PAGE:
Ikigai - popular yet widely misunderstood

Ikigai, is a Japanese concept made of two words, iki=>life and gai=>worth/purpose. It is about finding what makes your life worth living. In other words it could be explained simply as the reason that would make you get out of your bed every morning.

It is not about what the world needs from you or what you could be paid for. That is the westernized and commonly misunderstood representation of ikigai. For Japanese people, ikigai is a way of living and they don’t typically refer to any framework when asked about their ikigai.

 

Westernization of the concept:
It all started back in 2014, when Marc Winn wrote a blog titled –  “What is your Ikigai?” – put link to article and visualized it with following venn diagram.

not ikigai

The venn diagram represented that there are four components which need to fulfilled to achieve your ikigai. The four components are

  • What is that you love?
  • What is it that you are good at?
  • What is it that you will be paid for?
  • What is that the world needs?

Although, the diagram and the questions look very compelling and intriguing, Marc himself in a later post put the link (almost 3 years later) clarified that he merged two different concepts in his 2014 post to create something new. He said he merged the “Purpose” venn diagram with ikigai after he heard

Dan Buettner’s ted talk. He just replaced the word “Purpose” with “Ikigai” in the new diagram.

What’s the misunderstanding here?

Well, the biggest misconception here is one can achieve ikigai if all the four components are met or in other words to achieve your ikigai you will have to fulfil all the 4 constraints. That said, if you are doing something that you are good at but no one pays for it, you can’t achieve your ikigai is a false notion.

Another challenge in using this diagram to find your ikigai is that it presents ikigai as a daunting task to pursue.

Why is this framework so popular then?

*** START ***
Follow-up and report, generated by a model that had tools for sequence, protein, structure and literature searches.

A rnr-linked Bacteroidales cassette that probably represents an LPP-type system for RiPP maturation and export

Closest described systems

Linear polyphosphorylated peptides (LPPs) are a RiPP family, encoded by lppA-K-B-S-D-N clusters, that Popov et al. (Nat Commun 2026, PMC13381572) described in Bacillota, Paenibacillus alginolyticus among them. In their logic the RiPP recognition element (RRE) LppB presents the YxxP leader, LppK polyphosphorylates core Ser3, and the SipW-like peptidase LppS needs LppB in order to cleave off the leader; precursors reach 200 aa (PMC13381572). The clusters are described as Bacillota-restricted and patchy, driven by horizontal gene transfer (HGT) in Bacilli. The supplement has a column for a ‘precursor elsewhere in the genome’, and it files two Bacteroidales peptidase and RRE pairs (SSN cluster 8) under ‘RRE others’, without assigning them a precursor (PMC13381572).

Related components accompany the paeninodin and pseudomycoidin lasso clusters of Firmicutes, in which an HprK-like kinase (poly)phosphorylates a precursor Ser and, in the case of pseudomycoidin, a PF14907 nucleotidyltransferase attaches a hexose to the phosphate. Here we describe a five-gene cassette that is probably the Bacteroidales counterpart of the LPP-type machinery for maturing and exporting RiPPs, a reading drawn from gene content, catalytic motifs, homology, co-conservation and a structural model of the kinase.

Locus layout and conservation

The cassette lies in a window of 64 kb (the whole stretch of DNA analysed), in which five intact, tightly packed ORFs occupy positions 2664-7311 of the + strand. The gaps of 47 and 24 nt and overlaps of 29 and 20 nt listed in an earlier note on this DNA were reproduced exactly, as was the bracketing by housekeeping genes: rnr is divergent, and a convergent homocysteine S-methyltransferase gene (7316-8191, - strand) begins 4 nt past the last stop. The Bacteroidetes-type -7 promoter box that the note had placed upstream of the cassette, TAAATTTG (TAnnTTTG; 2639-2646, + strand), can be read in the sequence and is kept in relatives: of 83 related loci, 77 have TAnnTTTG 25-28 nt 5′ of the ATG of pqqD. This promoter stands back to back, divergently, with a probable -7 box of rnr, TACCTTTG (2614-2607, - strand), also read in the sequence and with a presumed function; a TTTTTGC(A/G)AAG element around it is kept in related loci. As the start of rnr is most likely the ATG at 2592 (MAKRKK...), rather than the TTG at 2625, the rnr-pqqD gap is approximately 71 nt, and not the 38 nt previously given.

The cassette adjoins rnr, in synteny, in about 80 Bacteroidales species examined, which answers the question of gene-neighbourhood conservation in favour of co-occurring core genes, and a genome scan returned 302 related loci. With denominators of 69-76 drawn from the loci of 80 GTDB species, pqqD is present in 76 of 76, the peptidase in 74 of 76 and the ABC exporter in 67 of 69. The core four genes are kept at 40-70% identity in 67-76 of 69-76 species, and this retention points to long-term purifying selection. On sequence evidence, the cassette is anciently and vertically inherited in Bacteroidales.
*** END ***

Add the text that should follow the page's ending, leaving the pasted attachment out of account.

Even though the framework is a misinterpretation of ikigai concept, it still created positive impact for thousands of people. The framework has been used by people across the globe to determine their purpose for life.

In Marc’s own words –

“The volume of work around it has risen exponentially since 2014. It keeps on growing, without any extra input or energy from me. I have no control over it. People keep adapting and editing the idea in new directions, so there are different variants out there, being shared, as well. Literally tens (maybe hundreds) of millions of people have seen it, and thousands and thousands of people have let it influence their life in some way.”

And since the framework was able to nudge people to find their purpose or influence their lives in some way, it gained all the popularity.

OK, but how do I find my ikigai?

The easy answer – get started with the framework itself.

The difficult answer –

Ikigai is not about making money or creating what the world needs. It is about introspecting and exploring what gives meaning to your life, what makes it purposeful, what makes it worth living.

Ken Mogi, neuroscientist and author of the book,

The Little Book of Ikigai: The Essential Japanese Way to Finding Purpose in Life, explains, ikigai is about discovering, defining and appreciating those pleasures of life which have meaning to you.

He further also explains, that ikigai is a spectrum. On one side it could be as simple as the reason you get up in the morning; sipping a cup of tea with a friend. On the other side it could be a life defining goal. Ken also says that ikigai is not a fixed notion, it can change as you grow and gain experiences. And you can have more than one ikigai.

To start exploring your ikigai, start small. Find what gives joy in day to day activities. Make that joy, build your habits, build your routines. While you do that be present in the moment and relish it. And soon you would be on your way to discover what your own ikigai is, what gives purpose and meaning to your life.

Have you found your Ikigai?

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